From contributing film critic Andrew Gaudion
An Oliver Stone joint is one that comes with an agenda, and it isn’t one that you will always necessarily agree with. Not that he cares. Of recent years, Stone has a been a little quiet on the feature film front, falling out of favour in Hollywood due to his strong-minded views and conspiracy theories. Yet, he has produced many a great film about controversial figures across his 30 plus years writing, producing and directing motion pictures. His latest focus is Edward Snowden, the whistle-blower of the American government’s surveillance techniques in 2013. He is a figure who has sparked many heated discussions on government position, and on whether his actions were justified, but for Stone there is no argument; Snowden is an American hero, and once again, it doesn’t matter what you think.
The film uses Snowden’s (here played by Joseph Gordon-Levitt) meeting with a group of journalists from The Guardian in Hong Kong as its spine, with flashbacks displaying key events as he lays out his story to these reporters, ready to blow the lid on the morally and ethically questionable practices of America’s intelligence agencies. We see him move from his pro-Bush sensibilities during his short-lived time in the Army, before an injury forces him to make the decision to strive for a job in the intelligence services. It is this look behind the curtain that shakes his faith in the intentions and protocols of his country, so much so that it leads him to make the decision to commit treason.
The main hurdle that Snowden faces is the fact that we live in a world where Laura Poitras’ outstanding documentary Citizenfour exists; an incredible procedural doc that lays out the intricacies and complexities of Snowden’s situation in a way which is easy to consume, and quietly, powerfully, startling. This being Stone means that we aren’t going to receive a demonstration of events that is all that refined. We get villainous turns from the likes of Timothy Olyphant and Rhys Ifans (as well as Nic Cage as an educator of cyberwarfare), spiky arguments, shouty journalists and sustained scenes of suspense. He certainly makes it cinematic, but subtle is something Snowden is not.
There are many aspects of Stone’s take on the Snowdon tale that work very well. Gordon-Levitt delivers a very well measured performance, reserved in his delivery and doing very well to put across a portrayal that is very convincing and commanding. And, like Citizenfour, Stone does very well to deliver the intricacies and ramifications of America’s surveillance policies in a way which is very easy to digest. Visually it is also constantly arresting, with Stone once again playing with several different film formats, with stunning work yet again from cinematographer Anthony Dod Mantle (Slumdog Millionaire, Rush), often producing scenes of startling tension, even from something as mundane as information loading on to a memory stick.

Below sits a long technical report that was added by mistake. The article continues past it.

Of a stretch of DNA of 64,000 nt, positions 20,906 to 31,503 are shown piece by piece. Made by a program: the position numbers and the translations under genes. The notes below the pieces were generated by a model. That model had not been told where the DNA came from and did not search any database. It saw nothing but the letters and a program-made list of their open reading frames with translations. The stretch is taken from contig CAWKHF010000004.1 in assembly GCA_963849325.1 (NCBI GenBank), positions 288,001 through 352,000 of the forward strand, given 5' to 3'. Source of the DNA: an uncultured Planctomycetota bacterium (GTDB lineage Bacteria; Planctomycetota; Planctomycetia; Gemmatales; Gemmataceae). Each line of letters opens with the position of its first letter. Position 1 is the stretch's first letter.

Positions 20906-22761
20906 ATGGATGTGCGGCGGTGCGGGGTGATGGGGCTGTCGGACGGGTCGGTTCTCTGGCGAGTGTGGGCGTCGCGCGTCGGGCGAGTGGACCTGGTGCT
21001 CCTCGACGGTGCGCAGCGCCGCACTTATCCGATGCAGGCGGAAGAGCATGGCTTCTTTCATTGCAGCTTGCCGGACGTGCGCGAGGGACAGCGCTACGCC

What lets Snowden down is its screenplay. It is often very over-dramatized, and at times feels quite ridiculous, with characters sneering over webcams, leading to a final act that is so committed to one side of the argument that it just comes across as overwrought rather than all that politically charged. The subplot involving Snowden’s girlfriend also doesn’t quite operate in the way the film wants it to. We’re supposed to see Edward’s relationship with Shailene Woodley’s Lindsay Mills as something that he stands to lose, something he cherishes, yet most of the scenes we see between the two of them often display how bad they are for each other, thus resulting in a depiction of a relationship that is more annoying than as a justification for some of his actions.
Come the final scenes of Snowden, in which the actual man himself pops up, it is very clear that this film never had any interest in delivering a probing account of its subject. This is hero worship through and through, and while that robs the film of a great deal of dramatic potential, we probably shouldn’t have expected anything else from a director like Stone. The man with an agenda strikes again, not one with an interest in displaying a balanced argument on this individual. What he has produced here is a film that is never dull, often very arresting and led by a strong lead performance, but ultimately offers very little to the discussion over Edward Snowden. Nothing to blow a whistle over.(3 / 5)
(Photos copyright: Endgame Entertainment, Vendian Entertainment, KrautPack Entertainment)